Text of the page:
WASHINGTON: For those who aren’t part of the insular space community, you need to know that the National Space Symposium is the most important conference on space issues in the world. Everyone goes: the intelligence community; the Air Force; Army; Navy; industry; allies; even senior Chinese officials show up fairly regularly these days. Some 9,000 people attend in a good year.
But this year no one from NASA — that’s right, those people who gave us the Moon landings, Mars Rover, Voyager and are sort of synonymous with space — will attend NSS at the Broadmoor Hotel in Colorado Springs next month.
Here is the remarkably prickly and hurt message out out by the Space Foundation, organizer of NSS, when it learned of NASA’s decision:
“On March 13, NASA announced its intent to withdraw from the global space community by not participating in the 29th National Space Symposium. This marks the first time in 29 years that NASA has so isolated itself.
In a letter to NASA Administrator Charles Bolden, Space Foundation CEO Elliot Pulham wrote, “While we all appreciate the extreme pressures that NASA and other federal agencies are operating under at the moment, we were shocked with disbelief to find the 29th National Space Symposium named specifically as not meeting your new criteria for agency participation in conferences. The Space Symposium is the largest annual gathering of the global space community anywhere in the world, and meets your criteria more strongly than any other event. If the Space Symposium does not meet your criteria, then neither does any other conference in the world.”
“Further,” Pulham wrote to Bolden, ‘The Space Foundation builds more value into the Space Symposium than any other event in the world. NASA should be holding us up as the standard toward which all other conference organizers should aspire. The Space Foundation, which was not consulted by NASA on this decision, is protesting this decision in the strongest possible terms.”
That protest isn’t likely to make much difference, as this email to employees from NASA Administrator Charles Bolden makes clear:
“Program managers, project managers, and contracting officers should apply this guidance to all NASA direct-funded contractor travel.
“You should know that Deputy Administrator Lori Garver and I have already begun to adjust our activities in line with these guidelines. We have both canceled travel and participation in the April National Space Symposium in Colorado and I have also canceled a planned overseas trip,” Bodlen write after receiving new guidance from the Office of Management and Budget (OMB) last Wednesday. “NASA will continue to review the guidance as our budgetary situation evolves, but expectations are that this guidance will need to remain in place for the rest of the fiscal year, if not beyond.”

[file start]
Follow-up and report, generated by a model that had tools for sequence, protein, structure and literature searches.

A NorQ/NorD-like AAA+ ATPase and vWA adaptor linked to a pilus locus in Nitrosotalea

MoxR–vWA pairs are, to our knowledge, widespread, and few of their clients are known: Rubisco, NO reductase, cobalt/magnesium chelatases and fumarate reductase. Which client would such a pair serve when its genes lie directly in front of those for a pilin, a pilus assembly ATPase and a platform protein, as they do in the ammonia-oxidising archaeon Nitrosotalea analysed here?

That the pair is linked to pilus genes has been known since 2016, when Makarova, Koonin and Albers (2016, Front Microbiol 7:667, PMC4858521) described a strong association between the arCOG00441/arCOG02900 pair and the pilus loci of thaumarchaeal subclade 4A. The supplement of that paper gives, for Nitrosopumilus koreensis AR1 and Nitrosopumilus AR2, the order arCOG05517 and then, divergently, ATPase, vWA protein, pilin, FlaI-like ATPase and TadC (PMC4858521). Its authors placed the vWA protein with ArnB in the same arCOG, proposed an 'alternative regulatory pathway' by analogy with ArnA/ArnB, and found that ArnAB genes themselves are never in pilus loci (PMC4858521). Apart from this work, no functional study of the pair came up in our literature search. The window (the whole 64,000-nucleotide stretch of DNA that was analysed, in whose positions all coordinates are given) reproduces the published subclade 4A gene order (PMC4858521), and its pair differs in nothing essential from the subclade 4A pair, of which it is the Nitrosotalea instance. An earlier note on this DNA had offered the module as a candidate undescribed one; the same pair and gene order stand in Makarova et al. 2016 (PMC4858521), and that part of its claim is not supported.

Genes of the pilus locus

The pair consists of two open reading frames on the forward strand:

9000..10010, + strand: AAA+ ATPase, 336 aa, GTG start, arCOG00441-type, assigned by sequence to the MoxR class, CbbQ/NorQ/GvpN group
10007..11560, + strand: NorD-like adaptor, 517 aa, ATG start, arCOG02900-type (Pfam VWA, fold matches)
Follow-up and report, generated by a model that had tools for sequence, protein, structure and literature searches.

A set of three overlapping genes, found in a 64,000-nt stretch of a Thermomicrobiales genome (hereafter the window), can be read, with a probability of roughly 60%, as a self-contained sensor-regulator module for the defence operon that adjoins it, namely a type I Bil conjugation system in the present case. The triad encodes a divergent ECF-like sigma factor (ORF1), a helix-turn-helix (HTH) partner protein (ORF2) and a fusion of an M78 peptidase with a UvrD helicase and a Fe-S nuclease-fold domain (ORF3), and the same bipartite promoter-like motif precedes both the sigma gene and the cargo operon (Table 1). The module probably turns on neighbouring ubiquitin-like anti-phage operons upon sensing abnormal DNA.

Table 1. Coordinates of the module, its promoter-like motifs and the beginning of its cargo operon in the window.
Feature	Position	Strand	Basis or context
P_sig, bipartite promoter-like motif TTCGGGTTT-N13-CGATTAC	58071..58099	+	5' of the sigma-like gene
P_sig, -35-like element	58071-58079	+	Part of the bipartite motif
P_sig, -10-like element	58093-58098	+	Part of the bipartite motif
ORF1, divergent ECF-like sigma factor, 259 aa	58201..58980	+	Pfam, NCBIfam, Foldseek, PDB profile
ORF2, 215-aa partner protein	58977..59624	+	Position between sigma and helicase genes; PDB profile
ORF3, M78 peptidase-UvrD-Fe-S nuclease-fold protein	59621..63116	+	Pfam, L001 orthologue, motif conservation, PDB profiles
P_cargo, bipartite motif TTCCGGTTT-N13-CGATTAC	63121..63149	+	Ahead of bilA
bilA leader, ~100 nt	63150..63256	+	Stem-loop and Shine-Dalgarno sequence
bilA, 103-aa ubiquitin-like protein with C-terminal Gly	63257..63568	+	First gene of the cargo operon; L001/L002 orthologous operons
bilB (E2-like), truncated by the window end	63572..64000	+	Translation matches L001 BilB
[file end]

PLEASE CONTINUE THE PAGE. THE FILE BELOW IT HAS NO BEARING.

One big difference between NASA and the Defense Department as they face sequestration: NASA does not plan to furlough anyone and they are still hiring for jobs already funded.
Air Force officials have said they are curtailing their appearances at conferences, as have the other services. I contacted the Space Foundation, who run the conference, to see who had canceled and how things compare to previous years. The answer was carefully crafted.
“We have had some cancellations (Bolden, Garver, [Lt. Gen. Susan] Helms [head of the 14th Air Force at Vanderberg Air Force Base], to name a few), but we’ve been finding plenty of creative ways to fill those gaps. And, we still have Shelton, (Gen. Bob) Kehler (head of Strategic Command in Omaha) Hyten (vice commander at Air Force Space Command) and Nield, to name a few, strong government speakers,” the foundation’s Janet Stevens said in an email. She pointed to the attendance of Reps. Dutch Ruppersberger, ranking member of the House Permanent Select Committee on Intelligence, and Patrick Meehan, chairman of the Homeland Security cybersecurity, infrastructure protection and security technologies subcommittee are speaking at the cyber event, which precedes the space conference.
One of the most telling bits of information she shared is this: “Ironically, participation by other space agencies from around the world is at a record high. Participation by international and commercial companies continues to increase,” she wrote.
On a purely business level, she also said things ain’t too bad. Registrations “are running only slightly behind last year” at the crucial cut off of early bird signups.